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INTRODUCTORY NOTE.

Since the decease of General Washington, on the 14th of December, 1799, the public mind has never been so powerfully affected in this part of the country by any similar event, as by the death of John Adams, on the 4th of July, 1826. The news reached Boston in the evening of that day. The decease of this venerable fellow-citizen must at all times have appealed with much force to the patriotic sympathies of the people of Massachusetts. It acquired a singular interest from the year and the day on which it took place ; – the 4th of July of the year completing the half century from that ever memorable era in the history of this country and the world, the Declaration of Independence; a measure in which Mr. Adams himself had taken so distinguished a part. The emotions of the public were greatly increased by the indications given by Mr. Adams in his last hours, that he was fully aware that the day was the anniver. sary of Independence, and by his dying allusion to the supposed fact that his colleague, Jefferson, survived him. When, in the course of a few days, the news arrived from Virginia, that he also had departed this life, on the same day and a few hours before Mr. Adams, the sensibility of the community, as of the country at large, was touched beyond all ex. ample. The occurrence was justly deemed without a parallel in history. The various circumstances of association and coincidence which marked the characters and careers of these great men, and especially those of their simultaneous decease on the 4th of July, were dwelt upon with melancholy but untiring interest. The circles of private life, the press, public bodies, and the pulpit, were for some time almost engrossed with the topic; and solemn rites of commemoration were performed throughout the country.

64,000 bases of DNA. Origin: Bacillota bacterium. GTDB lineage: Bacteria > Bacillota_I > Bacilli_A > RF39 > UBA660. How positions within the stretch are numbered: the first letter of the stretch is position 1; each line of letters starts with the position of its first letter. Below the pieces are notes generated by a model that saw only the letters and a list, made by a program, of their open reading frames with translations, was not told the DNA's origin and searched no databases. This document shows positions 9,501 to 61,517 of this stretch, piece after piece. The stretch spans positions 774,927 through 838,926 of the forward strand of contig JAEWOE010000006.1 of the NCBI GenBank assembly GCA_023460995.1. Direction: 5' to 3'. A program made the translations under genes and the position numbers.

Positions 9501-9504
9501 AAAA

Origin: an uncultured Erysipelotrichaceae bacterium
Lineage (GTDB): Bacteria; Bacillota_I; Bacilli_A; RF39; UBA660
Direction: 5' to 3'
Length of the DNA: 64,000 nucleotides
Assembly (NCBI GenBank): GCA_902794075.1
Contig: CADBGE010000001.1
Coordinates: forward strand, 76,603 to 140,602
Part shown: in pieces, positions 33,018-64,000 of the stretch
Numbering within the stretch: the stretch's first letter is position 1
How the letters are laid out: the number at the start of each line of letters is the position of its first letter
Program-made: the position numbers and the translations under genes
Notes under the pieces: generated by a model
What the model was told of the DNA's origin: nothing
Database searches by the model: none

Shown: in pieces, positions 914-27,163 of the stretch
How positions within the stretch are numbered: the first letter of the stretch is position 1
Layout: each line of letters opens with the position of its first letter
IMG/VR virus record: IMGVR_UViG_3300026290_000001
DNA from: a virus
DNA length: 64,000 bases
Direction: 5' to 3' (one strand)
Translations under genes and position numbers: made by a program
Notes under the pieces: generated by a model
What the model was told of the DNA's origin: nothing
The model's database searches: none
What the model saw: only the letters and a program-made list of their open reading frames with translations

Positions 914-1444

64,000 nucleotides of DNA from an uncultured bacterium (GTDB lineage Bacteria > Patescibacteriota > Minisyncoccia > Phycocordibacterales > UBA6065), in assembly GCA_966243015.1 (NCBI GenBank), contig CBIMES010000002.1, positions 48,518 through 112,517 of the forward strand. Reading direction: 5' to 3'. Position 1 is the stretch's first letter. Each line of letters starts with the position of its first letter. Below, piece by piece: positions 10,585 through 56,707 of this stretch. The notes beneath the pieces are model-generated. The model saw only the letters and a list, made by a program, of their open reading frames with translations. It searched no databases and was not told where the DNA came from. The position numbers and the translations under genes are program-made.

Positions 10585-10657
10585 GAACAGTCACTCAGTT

An early day was appointed for this purpose by the City Council of Boston. The whole community manifested its sympathy in the extraordinary event; and on the 2d of August, 1826, at the request of the municipal authorities, and in the presence of an immense audience, the following Discourse was delivered in Faneuil Hall.

ADAMS AND JEFFERSON.*

/ This is an unaccustomed spectacle. For the first time, fellowcitizens, badges of mourning shroud the columns and overhang the arches of this hall. These walls, which were consecrated, so long ago, to the cause of American liberty, which witnessed her infant struggles, and rung with the shouts of her earliest victories, proclaim, now, that distinguished friends and champions of that great cause have fallen. It is right that it should be thus. The tears which flow, and the honors that are paid, when the founders of the republic die, give hope that the republic itself may be immortal. It is fit that, by public assembly and solemn observance, by anthem and by eulogy, we commemorate the services of national benefactors, extol their virtues, and render thanks to God for eminent blessings, early given and long continued, through their agency, to our favored country.